July 22, 2012

Last Night

Going down to Stapletown.

I always identify with the male protagonists in the books I read. This began when I was very young. I felt as sensitively as Charlie did in The Perks of Being a Wallflower; my heart broke for the male character (whose name I forget) in The Devil in the Flesh. I even related to the gravity of Richard Dawkin's poetic prose in The God Delusion. And I virtually am Jack Dulouz in Maggie Cassidy. And Stephen Dedalus.

Of course, there are female protagonists I identify with (though not nearly as often-- not sure if there is a reason for this. I have meditated on the possibilities but I will save them for another time). I certainly connected with Jane Eyre, and the writings of Sylvia Plath, and others that I cannot think of at the moment. This doesn't necessarily only apply to books. I have felt as though I was Charlotte from Lost in Translation and Marie Antoinette in her biopic. Basically, I am the protagonist of whatever story this is that is currently unfolding.

I am sure you can relate, right?

Well, after I returned home from the dance jam at the Forest Haven Center for Dance and Music, I was feeling kind of down. I am in a very strange transformative place in my life. Feeling as though I do not have a centered group of friends, this is something I am always trying to change or facilitate although it is a challenge.

I am a transient. As you read in the last post, I do not like many people. I mean, I love people just seldom do I connect with many. I am trying, folks-- really, I am.

So, I was inclined to watch netflix all night and eat left over pizza but it was Saturday night. I felt old. My skin was crawling. It is hard to go out when you feel alone. But I decided to go out anyway, figuring I would force myself to be social and that maybe my mood would change as a result. I had several friends who were at Van Duzer Days in Stapleton and knowing there would be bands playing all night at the Full Cup I decided to go.

I put on my plum lipstick and wire-necklace. The black boots with the golden socks. I tried to feel prettier than I have been. Whatever, I just wanted to go out. Ever have those nights? When the warm breeze brushes through the window and you're just itching to get out? So, I put on my shades and drove  on down to Stapletown.

The Full Cup, for those who have never been, is this eclectic and eccentric coffee shop meets alleyway venue with christmas lights meets back room bar and stage. This place is just awesome. It's sort of the only place for the disgruntled yet magically optimistic 20-30 something creative crowd of Staten Island to really feel at home. I have taught hula hooping and dance classes there. I have written poetry (both by myself and with groups) there. Many a cup of tea and soup has been sipped there.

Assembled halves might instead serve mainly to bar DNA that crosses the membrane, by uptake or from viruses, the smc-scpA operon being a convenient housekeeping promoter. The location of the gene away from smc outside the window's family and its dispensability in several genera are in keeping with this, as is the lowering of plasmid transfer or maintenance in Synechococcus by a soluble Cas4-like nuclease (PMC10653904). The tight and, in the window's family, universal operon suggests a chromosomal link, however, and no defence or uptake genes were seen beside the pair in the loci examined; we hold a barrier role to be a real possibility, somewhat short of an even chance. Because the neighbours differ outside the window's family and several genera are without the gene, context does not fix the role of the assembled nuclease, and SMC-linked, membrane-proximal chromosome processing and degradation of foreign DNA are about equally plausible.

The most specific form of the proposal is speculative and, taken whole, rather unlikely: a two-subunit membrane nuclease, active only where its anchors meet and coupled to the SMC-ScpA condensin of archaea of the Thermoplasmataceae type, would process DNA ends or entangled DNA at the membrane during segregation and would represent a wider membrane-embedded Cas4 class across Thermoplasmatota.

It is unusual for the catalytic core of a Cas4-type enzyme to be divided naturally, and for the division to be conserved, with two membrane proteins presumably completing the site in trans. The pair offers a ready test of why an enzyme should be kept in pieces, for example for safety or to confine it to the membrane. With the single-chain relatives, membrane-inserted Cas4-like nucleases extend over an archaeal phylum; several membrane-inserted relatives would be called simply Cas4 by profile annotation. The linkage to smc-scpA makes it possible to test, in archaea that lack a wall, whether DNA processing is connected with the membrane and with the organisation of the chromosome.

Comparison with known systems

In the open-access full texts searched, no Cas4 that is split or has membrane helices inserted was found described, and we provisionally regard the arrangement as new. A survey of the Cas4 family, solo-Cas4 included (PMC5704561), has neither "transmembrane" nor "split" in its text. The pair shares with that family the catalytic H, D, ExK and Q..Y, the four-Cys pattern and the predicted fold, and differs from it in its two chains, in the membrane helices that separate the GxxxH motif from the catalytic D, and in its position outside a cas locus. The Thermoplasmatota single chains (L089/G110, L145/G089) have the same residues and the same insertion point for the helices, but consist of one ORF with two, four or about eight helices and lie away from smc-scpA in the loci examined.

Last night was about the most fun I have had in a long time. I ran into so many special faces that I see in passing throughout the art scene on Staten Island. I hula hooped on a friend's roof while they played music and took pictures. I saw the Manhattan skyline. The night air was warm and smelled like flowers and poetic shit like that. Phoebe Blue and the Make Baleaves played a quietly cool set in the alleyway underneath the x-mas lights. I looked up at the pale blue sky and the brick buildings and everything seemed so real. This punk rock Jap chick band, Mars&Me, played an amazing set in the back room. Another local band, Hunny, played great tunes that sounded like punk meets screamo in a more sophisticated manner.

Best part of the evening. After Hunny played, there was a dance party!! 

The disco balls on the ceiling twirled as we all just danced to Come on, Eileen and other vintage awesomeness. I just have never before connected with a group of people in dark room dancing for the sheer love of it; the joy of moving and connecting with others the way I did last night. I loved those people. I don't even know half of them. But I loved them.

Last night reminded me of how wonderful it is to be twenty-five. How exciting it is to get dressed up and meet new faces. To be merry. And also of the summer evenings that live on forever. I hope to have more evenings like this and one of the more important notes is that I made it happen. In all of my existential anti-socialness, I decided to just go out and be positive and I met so many awesome people and am so glad I pushed myself out the door. We ultimately have control over our attitudes and constantly have the ability to change them. If you're feeling down, try to activate the positivity from within. Eventually it will radiate outward and be as warm as christmas lights on a July evening.


July 21, 2012

several poems from the archives

For those of you who know me, you may know that I once wrote poetry. I would like to again but the words have not materialized. But these are from days when words flowed. I hope to post more.

baby bird
mwest, 2007-8

i sat at a tree
and watched a bird 
teach her chick to fly

at first she stumbled,
but eventually she flew.

Curiosity Killed the Bitch
mwest, 2007-8

G-d must be a man
and this the ultimate joke--

for seven days in every month
you'll bleed and bleed.

That is what you get
when you bite the apple.

the better language
mwest, 2007-8

who decides which is the better language?
I will take English,
you can keep Russian

we didn't communicate, anyway.

New York in the six o'clock shadows
mwest, 2008

All the New York orchids
white, dust shaped
in rows,
the mist covers the city dark
but spring is growing 

City Hall park,
the white pink Japanese flowers
and plants beneath the gray sky.

I could die right now,
if this was the last thing I saw.